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Assessing the coverage gap and the access deficit

Updated by Xenia Scheil-Adlung on 12.06.2015

Coverage refers to a broad concept that specifies the number of residents in a country that can access an essential benefit package of adequate quality if in equal need.

It is useful to distinguish between various dimensions of coverage with a view to effective access to health services. Population coverage describes rights and formal entitlements whereas effective access involves the provision of services and their use.

When measuring coverage, the indicators should be applied in a framework of country groups that reflect national challenges in achieving universal coverage. This is not the case if countries are grouped merely by income levels. The ILO suggests comparing countries by socio-economic development.

In the context of coverage, the two most relevant socio-economic indicators are: 

  • the extent of poverty, and
  • the extent of the informal economy.

Both represent common challenges that most developing countries face when striving towards universal coverage since they impact on the availability of domestic resources and reflect difficulties in reaching out to people that are not registered, work in rural areas or are poor.

 

Effective access is based on:

  • Population coverage by law
  • The physical availability of health care, health infrastructure, work force, medical goods and products, and timely provision of services 
  • Affordability of services is defined as the absence of financial barriers to needed health care aiming at avoiding health-related poverty or impoverishment. It refers to the maximum share of expenditure of total household income net of the cost of subsistence. Affordability of services for individuals or households differs from fiscal affordability
  • Financial protection includes minimizing out-of-pocket payments and compensation for productivity loss due to illness. Financial protection addresses the risk of impoverishment due to catastrophic health events, out-of-pocket payments, transport costs to reach health care facilities particularly in rural areas. 
  • The utilization and therefore access are influenced by the quality of services provided which is strongly correlated to the availability of sufficient resources and the level of public funding per capita. 

The ILO recommends using national surveys when available to measuring coverage and access gaps. When information contained in national surveys is not sufficient, the following indicators are useful:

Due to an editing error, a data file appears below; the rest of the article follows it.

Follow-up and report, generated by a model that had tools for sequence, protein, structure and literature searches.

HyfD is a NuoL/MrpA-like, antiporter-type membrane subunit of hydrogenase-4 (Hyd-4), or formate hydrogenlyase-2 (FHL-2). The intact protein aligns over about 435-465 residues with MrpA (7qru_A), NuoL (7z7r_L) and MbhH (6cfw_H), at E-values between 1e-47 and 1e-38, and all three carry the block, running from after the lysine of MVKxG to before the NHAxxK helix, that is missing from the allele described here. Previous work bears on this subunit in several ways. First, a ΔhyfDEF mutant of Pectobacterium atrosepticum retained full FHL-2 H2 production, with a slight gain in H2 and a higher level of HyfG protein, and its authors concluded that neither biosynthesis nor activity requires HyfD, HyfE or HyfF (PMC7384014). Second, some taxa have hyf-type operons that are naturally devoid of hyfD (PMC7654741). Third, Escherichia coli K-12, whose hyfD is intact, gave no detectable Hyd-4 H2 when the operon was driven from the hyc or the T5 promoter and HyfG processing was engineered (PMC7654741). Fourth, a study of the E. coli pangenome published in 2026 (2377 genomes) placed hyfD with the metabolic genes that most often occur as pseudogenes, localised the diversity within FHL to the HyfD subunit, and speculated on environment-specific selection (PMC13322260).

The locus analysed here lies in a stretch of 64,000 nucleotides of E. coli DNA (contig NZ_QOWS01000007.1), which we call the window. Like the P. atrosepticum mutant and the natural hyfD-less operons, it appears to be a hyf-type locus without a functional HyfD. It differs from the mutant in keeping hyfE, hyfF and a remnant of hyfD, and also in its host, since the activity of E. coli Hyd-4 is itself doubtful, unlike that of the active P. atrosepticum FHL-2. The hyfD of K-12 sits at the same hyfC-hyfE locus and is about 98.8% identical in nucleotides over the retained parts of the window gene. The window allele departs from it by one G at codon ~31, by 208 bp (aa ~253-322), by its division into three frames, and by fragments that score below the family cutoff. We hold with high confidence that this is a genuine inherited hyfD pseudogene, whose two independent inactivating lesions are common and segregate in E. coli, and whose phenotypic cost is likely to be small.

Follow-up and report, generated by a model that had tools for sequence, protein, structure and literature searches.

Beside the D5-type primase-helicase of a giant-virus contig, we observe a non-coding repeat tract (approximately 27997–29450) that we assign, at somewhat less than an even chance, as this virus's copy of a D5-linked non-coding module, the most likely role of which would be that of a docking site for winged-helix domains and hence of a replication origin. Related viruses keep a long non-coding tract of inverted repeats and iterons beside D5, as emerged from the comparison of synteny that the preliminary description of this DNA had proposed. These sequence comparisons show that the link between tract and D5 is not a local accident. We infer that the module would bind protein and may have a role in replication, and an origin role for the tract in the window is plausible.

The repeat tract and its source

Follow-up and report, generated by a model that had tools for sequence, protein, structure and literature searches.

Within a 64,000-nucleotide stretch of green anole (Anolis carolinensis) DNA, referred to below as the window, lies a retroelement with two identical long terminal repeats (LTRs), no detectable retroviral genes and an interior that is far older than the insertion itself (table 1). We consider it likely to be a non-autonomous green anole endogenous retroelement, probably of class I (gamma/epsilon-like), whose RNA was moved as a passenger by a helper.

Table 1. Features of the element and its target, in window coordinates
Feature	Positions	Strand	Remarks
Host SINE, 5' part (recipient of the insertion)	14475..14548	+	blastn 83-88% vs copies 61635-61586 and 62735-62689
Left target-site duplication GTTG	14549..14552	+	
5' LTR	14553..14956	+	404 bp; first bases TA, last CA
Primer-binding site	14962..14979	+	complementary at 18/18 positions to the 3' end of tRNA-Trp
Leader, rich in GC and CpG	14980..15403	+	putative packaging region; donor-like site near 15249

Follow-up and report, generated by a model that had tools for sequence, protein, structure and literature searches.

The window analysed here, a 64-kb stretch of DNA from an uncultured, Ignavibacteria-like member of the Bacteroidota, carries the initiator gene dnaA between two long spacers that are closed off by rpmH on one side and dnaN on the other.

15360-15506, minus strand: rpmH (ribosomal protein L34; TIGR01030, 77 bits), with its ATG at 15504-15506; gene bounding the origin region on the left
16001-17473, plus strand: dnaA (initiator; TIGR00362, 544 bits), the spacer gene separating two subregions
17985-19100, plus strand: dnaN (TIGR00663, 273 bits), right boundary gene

Population coverage

Deficit of population coverage in percent of the population based on data from the ILO Social Health Protection database

Availability

The ILO Access Deficit Indicator estimates the dimension of availability of health services based on the availability of health professionals as a proxy (WHO Global Health Observatory, Health systems:Health workforce). It uses the relative difference between the national density of health professionals and the median value in the low vulnerability group of countries as a benchmark for developing countries.

Affordability and financial protection

Share of out-of-pocket payments in percent of total health care expenditures and Catastrophic health expenditure as share of total health expenditure based on National Health Account data. (WHO Global Health Observatory, Health systems:health financing).

Quality

Deficit in health spending per capita (in comparison to the median of the country group of similarly vulnerable countries) and maternal mortality ratio based on National health accounts. - (WHO Global Health Observatory, Health systems:health financing; and Equity:Women and health:Maternal maternal ratio).

Access and basic financial protection is necessary for all people, regardless of individual income level. Additionally, certain populations – the poor, women, elderly, disabled – are particularly vulnerable to catastrophic loss of income due to their health needs and needs dedicated protection and should be especially considered in an access coverage map.

Where applicable and feasible, the plan could go into further detail than outlined below, covering aspects such as gender or ethnic groups, if such data is available.

Health care coverage and access map specimen

 
 

The above map represents quantitative data that should be collected to inform social health protection plans.  Qualitative information to collect for the given populations include:

  • SPF objective
  • Description of existing provision
  • What elements define the coverage gaps
  • Strategies to overcome the barriers to coverage and access
  • Foreseen challenges to implementation and uptake
  • Recommendations
  • Costing scenarios

Both a quantitative and qualitative review could be conducted annually for evaluative and redesign purposes, all with the intent of progress on coverage overall and a reduction of inequities between population groups.

Recommended resource: New approaches to measuring deficits in social health protection coverage in vulnerable countries